It is Pioneer Day weekend here in Utah. Each year around the 24th of July Utah pioneers are featured, celebrated and remembered.
We have many pioneer stories in our family history. To me one of the most compelling is the story of Grandma Sophie.
Grandma Sophie was not a Westover. Her granddaughter, Mary Ann Smith, married Arnold Westover, son of William and Ruth Westover.
Her story is part of many Westovers, however. And on this Pioneer Day we think it is important to share her pioneer experience.
Sophie was from Denmark. There she lived and married a man named Peter Pedersen. They had seven children together before a terrible disease took Peter’s life. This, of course, threw Sophie’s life into chaos. Death had already robbed her of two of her young children and now she found herself a widow.
In the days following his death Sophie grieved and dreamed a dream. In her dream she saw two men carrying suitcases and an angel in the dream told her the men were coming with a message for her from the Savior. Weeks later, as she hanging her laundry out on the line, she saw two men at a distance, both carrying suitcases. Instantly she recognized them from her dream. As they drew closer she rushed to them and asked, “What is it that Jesus wants me to know?”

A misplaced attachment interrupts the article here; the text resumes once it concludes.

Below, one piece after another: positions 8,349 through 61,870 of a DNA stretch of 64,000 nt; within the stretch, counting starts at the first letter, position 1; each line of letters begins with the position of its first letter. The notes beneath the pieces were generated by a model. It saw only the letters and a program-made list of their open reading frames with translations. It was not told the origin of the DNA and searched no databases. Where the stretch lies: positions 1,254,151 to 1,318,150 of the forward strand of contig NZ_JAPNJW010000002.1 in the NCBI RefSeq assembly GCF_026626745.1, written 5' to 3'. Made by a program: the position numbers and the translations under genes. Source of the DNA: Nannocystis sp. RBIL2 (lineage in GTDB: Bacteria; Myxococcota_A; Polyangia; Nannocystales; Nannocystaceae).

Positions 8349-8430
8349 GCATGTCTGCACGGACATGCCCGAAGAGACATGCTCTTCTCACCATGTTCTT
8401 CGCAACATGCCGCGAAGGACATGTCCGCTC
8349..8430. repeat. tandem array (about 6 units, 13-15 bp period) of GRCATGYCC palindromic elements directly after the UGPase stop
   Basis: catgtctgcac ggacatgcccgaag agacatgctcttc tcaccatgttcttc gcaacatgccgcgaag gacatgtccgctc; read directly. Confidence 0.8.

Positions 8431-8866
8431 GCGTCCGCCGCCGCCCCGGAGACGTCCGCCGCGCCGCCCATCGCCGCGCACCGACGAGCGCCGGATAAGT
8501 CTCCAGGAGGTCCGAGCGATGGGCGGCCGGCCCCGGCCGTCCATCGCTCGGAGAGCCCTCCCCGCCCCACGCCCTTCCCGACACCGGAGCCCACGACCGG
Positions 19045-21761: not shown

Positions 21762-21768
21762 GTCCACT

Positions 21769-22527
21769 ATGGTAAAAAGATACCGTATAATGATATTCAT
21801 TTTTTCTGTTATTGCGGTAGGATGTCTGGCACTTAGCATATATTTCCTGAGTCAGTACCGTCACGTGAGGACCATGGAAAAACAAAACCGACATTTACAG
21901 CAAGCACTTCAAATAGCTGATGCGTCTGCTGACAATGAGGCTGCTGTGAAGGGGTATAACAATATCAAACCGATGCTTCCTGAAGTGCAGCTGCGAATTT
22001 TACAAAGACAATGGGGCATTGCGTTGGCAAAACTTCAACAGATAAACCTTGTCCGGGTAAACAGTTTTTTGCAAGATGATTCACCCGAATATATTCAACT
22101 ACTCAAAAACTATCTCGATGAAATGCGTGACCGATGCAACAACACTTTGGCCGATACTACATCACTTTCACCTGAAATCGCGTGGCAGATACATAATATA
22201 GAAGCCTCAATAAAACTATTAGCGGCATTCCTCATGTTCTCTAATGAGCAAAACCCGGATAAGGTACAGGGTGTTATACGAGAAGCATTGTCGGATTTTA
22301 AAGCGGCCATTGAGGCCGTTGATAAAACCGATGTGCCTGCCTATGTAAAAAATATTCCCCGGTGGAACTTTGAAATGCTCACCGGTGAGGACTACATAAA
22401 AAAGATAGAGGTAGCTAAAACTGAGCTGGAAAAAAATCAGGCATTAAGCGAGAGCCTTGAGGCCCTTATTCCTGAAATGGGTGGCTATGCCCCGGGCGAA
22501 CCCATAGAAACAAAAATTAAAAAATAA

This is where Sophie’s pioneer story begins.
These Mormon elders taught Sophie and baptized her and those children in her family who were old enough to join the Church. As she accepted her Church membership she was promised that if she stayed faithful she would have the privilege of shaking hands with a prophet of God.
She moved and sold her property, preparing her family as many other Mormons did to “come to Zion” in America. With her five remaining children, all of them very young, she boarded the ship Thornton on May 4th, 1856.
Immediately tragedy struck for Sophie. Her 8 year old son Thomas fell from an upper deck and broke his neck, killing him almost instantly. He was buried at sea.
After arriving in the United States the company she was traveling with became the Willie Handcart Company — and already you know much of the rest of her story.
Oddly enough, of all the tales told of members of that company Sophie’s story is relatively unknown. But her situation was just as desperate and the outcome, for her and for her remaining four children, was just as big a miracle. She experienced it all and with her children survived the trial.